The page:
The A.M. Turing Award is one of, if not the, highest awards that can be given to those in the computing field. It was named after British mathematician Alan M. Turing, and awarded to those who are believed to have made breakthrough advancements in computing technology (Robertson, 2011). The most recent recipient of the Turing award was Harvard University professor Leslie Valiant. He received the award based on his contributions to the field of “computer learning.” Jordan Robertson, AP Technology Writer, noted that Valiant’s efforts “paved the way for computers that more closely mimic how humans think” (2011). Robertson quoted ACM President Alain Chesnais as saying that Valiant’s work, “has produced modeling that offers computationally inspired answers on fundamental questions like how the brain ‘computes’” (2011).

Valiant’s work is truly amazing. He has spent 30 years of his life trying to help synthetic machinery “compute” more like the human brain. In many ways, however, the computers are still vastly inferior to the human brain. Reasoning through this situation leads to a very important conclusion. If Valiant is a brilliant computational scientist, and he has spent three decades trying to mimic the computational abilities of the brain, what does that imply about the brain? It means it was designed by an Intelligent Designer even more brilliant than Valiant. That is the only conclusion that adequately evaluates the evidence. Yet sadly, many in the scientific community will pat Valiant on the back for the efforts he has made to understand the brain’s computational abilities, while they will completely ignore the implication of design that is inherent in his work. In reality, God’s design of the human brain has paved the way for scientists like Valiant to mimic His work and build better computers.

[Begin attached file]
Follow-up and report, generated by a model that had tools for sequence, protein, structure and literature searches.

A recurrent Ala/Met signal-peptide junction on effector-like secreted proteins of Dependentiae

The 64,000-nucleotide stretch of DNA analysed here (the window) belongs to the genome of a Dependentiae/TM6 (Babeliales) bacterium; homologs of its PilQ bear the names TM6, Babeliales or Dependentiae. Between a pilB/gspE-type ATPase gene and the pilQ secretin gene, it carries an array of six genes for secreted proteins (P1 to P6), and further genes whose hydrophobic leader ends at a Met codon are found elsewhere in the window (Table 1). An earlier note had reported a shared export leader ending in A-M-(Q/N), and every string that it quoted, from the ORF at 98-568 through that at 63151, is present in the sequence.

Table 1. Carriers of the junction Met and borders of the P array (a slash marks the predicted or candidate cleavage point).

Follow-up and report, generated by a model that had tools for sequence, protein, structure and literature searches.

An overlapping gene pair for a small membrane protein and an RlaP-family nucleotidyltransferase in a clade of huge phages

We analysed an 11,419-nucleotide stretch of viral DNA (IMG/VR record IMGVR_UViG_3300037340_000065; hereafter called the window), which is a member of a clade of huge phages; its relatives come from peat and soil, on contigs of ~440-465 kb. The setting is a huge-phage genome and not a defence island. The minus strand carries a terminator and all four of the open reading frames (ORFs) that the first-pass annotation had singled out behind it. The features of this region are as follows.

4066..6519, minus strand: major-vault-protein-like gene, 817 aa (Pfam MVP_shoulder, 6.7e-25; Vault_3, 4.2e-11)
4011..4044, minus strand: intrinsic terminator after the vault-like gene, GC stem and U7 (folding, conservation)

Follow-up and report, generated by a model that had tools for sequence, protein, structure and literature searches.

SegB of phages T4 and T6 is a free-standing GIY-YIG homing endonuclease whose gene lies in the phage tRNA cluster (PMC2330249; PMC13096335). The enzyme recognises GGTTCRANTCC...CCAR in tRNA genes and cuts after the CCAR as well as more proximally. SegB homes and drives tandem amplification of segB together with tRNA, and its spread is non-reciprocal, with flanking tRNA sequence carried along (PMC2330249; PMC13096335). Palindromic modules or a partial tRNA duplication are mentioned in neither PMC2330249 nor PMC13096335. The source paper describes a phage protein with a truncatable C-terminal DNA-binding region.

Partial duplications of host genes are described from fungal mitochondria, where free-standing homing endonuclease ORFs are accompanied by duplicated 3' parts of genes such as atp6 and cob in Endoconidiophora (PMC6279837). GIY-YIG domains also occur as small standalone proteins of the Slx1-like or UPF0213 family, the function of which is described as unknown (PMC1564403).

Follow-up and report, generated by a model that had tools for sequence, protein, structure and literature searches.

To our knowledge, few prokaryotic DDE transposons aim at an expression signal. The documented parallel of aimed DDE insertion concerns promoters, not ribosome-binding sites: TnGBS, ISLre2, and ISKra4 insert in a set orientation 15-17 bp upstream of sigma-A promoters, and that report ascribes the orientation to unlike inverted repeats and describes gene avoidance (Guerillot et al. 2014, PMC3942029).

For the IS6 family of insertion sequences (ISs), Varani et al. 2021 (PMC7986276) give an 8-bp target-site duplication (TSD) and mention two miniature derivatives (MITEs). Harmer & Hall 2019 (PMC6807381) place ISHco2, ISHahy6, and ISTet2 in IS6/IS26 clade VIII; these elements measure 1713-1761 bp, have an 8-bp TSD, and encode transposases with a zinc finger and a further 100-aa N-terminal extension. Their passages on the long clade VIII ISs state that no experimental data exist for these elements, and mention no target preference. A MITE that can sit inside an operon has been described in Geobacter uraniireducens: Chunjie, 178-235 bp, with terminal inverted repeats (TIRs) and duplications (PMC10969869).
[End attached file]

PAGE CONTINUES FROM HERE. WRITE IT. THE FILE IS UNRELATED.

Robertson, Jordan (2011), “Turing Award Goes to ‘Machine Learning’ Expert”,

Additional Resources

By What Standard? An Analysis of the Philosophy of Cornelius Van Til

by Rousas J. Rushdoony

An introduction into the problems of Christian philosophy. It focuses on the philosophical system of Dr. Cornelius Van Til, which in turn is founded upon the presuppositions of an infallible revelation in the Bible and the necessity of Christian theology for all philosophy. This is Rushdoony’s foundational work on philosophy.

Basic to this book is the belief that the presuppositions of human thought in every field must be basically one in order to arrive at any concept which both validates biblical faith and human knowledge. The sovereignty of the self-contained God is the key to every field, in that only the God of Scripture makes all things possible and explicable and is thus the basic premise not only of theology, but of philosophy, science and indeed all knowledge. In that God is the Creator of all things, He is their only valid principle of interpretation, in that they derive both their existence and meaning from His creative act. This belief is herein set forth in terms of various aspects of human thought.

Just such a philosophy finds consistent and able exposition in the writings of Cornelius Van Til. This book therefore is also an exposition of Van Til’s development of that philosophy, a school of thought to which Dr. Rushdoony wholeheartedly subscribed.

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